Is Elderflower Healthy?
Elderflower may not be very nutritious, but it is still undoubtedly healthy!
Of course, it depends on how you’re consuming them. Elderflower syrup drizzled over a stack of ten pancakes with whipped cream on top won’t be doing you any favors. Neither will downing four elderflower-infused cocktails in one sitting.
But as flavored water or a nightly cup of tea, the benefits of elderflower should be readily available to your body.
Rich in bio-flavonoid compounds, specifically flavonols, elderflower is packed with antioxidants and all the positives they bring. You may often hear elderflower being cited as a source of vitamin C; however, this is false as only elderberries have any vitamin content. Elderflower’s antioxidants enhance the effects of vitamin C in your diet.
Other benefits include:
- Immune boosting
- Reduced free radicals in the body, which damage cells causing an anti-carcinogenic effect and helping to guard against cardiovascular disease, among other things.
2. Helps Fight Cold, Flu, and Sinus Troubles
Due to its antioxidant power, elderflower is a natural choice to help you overcome the sniffles and other symptoms of cold and flue. Yet it also exhibits some antiviral properties which combat the flu virus directly, though they may be more present in elderberry.
Something that elderflower has exclusively that the berries don’t is that it’s an anticatarrhal herb. It stops inflammation of the mucous membrane, preventing the formation of excess mucus and helping to clear up existing excess.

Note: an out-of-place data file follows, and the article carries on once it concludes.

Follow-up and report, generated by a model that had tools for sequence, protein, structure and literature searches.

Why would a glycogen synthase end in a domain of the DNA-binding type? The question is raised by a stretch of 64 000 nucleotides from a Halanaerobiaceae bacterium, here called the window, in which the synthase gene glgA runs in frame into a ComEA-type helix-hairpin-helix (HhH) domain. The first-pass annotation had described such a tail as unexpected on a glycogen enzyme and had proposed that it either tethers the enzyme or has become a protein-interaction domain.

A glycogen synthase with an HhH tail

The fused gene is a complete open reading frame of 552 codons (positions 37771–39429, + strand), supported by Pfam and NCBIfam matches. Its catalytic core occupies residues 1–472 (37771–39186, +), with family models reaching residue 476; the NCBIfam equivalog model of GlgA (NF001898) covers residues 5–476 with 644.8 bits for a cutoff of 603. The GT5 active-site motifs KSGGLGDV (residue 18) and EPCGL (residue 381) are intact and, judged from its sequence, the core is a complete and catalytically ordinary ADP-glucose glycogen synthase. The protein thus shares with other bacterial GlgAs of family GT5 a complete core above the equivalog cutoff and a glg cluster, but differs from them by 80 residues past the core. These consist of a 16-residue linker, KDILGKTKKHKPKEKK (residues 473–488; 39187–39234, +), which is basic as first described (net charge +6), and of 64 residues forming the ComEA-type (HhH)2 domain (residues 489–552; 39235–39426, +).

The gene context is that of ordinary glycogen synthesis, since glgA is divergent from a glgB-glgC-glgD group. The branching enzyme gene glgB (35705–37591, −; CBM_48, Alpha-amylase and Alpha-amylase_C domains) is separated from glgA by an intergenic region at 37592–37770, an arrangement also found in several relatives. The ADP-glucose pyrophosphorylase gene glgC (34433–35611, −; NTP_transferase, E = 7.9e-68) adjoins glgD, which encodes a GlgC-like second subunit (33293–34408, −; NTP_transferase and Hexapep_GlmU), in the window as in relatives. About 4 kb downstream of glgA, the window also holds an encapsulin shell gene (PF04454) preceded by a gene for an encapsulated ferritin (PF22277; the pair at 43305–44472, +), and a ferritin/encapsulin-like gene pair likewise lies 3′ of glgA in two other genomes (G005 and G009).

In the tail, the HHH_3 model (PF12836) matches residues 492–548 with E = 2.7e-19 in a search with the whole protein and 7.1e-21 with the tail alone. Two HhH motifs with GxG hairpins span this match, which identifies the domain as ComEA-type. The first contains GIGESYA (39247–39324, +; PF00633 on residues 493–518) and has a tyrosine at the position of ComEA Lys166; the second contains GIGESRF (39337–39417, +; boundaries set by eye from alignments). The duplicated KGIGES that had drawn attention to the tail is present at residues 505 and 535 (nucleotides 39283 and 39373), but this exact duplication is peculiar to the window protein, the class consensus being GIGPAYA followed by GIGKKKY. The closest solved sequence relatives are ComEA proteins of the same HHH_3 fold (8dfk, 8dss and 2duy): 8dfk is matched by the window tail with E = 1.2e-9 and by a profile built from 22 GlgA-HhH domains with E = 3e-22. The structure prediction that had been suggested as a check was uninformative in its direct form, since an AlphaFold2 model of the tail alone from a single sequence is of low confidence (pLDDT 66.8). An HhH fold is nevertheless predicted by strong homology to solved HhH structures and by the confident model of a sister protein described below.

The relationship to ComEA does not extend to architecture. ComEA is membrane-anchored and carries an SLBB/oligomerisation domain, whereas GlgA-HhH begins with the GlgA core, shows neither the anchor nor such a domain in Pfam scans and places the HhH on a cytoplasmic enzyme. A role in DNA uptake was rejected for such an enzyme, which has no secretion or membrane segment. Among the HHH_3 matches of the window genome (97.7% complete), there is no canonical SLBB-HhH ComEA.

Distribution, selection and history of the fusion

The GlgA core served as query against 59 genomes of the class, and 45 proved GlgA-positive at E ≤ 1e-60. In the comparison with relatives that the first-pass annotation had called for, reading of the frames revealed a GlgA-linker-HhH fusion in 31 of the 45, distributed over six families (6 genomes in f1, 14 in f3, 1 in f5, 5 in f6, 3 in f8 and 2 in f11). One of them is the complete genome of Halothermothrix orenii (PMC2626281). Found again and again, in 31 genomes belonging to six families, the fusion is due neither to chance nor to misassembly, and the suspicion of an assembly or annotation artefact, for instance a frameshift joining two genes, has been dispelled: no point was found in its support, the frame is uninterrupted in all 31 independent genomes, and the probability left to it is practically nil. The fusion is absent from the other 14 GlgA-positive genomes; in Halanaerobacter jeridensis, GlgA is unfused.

Either drinken (perhaps with lemon and honey) or just gargled, this makes it ideal for use against:
- Runny nose or sinus drip
3. Diuretic Properties
Elderflower tea or flavored water is perfect for this. A diuretic causes the body to produce more urine and effectively flush out the kidneys, which can be useful in certain situations. For example, when trying to get past urinary tract or bladder infection, or keeping things moving in order to prevent reoccurrence.
However, urinating with an infection is the worst part — the good thing is that elderflower also has those anti-inflammatory properties, which could potentially lessen the UTI-associated burning and pain.
Other Ways to Take Elderflower
For these benefits, it’s also possible to get different supplements composed of or containing elderflower.
- Some of them, mostly from the European market, are marketed as sinus products and are specifically meant to combat sinus related issues.
- Many others come in tinctures as a liquid extract meant to be taken orally.
- Finally, traditional capsules are available as well, with dried elderflowers contained within.
- You can find it as an ingredient in lotions and other topical skin creams, too, working together with other antioxidant sources and providing a lovely scent.
Are There Any Side Effects?
If you stick solely to elderflowers themselves, there’s very little to fear. As elderflower has diuretic properties, a simple side effect is that you may have to head to the bathroom a little more often.
More importantly, but a little tangentially, all parts of the elderflower plant, Sambucus, are poisonous to mammals aside from the flowers and berries. The bark, leaves, and roots release cyanide when chewed or digested, the buildup of which will induce vomiting and diarrhea.
But even unripe berries may be mildly toxic, and only black elderberries can be eaten raw. Cooking removes all toxicity, though, so it’s suggested that any uncooked black elderberry products not be consumed excessively for fear of digestive distress.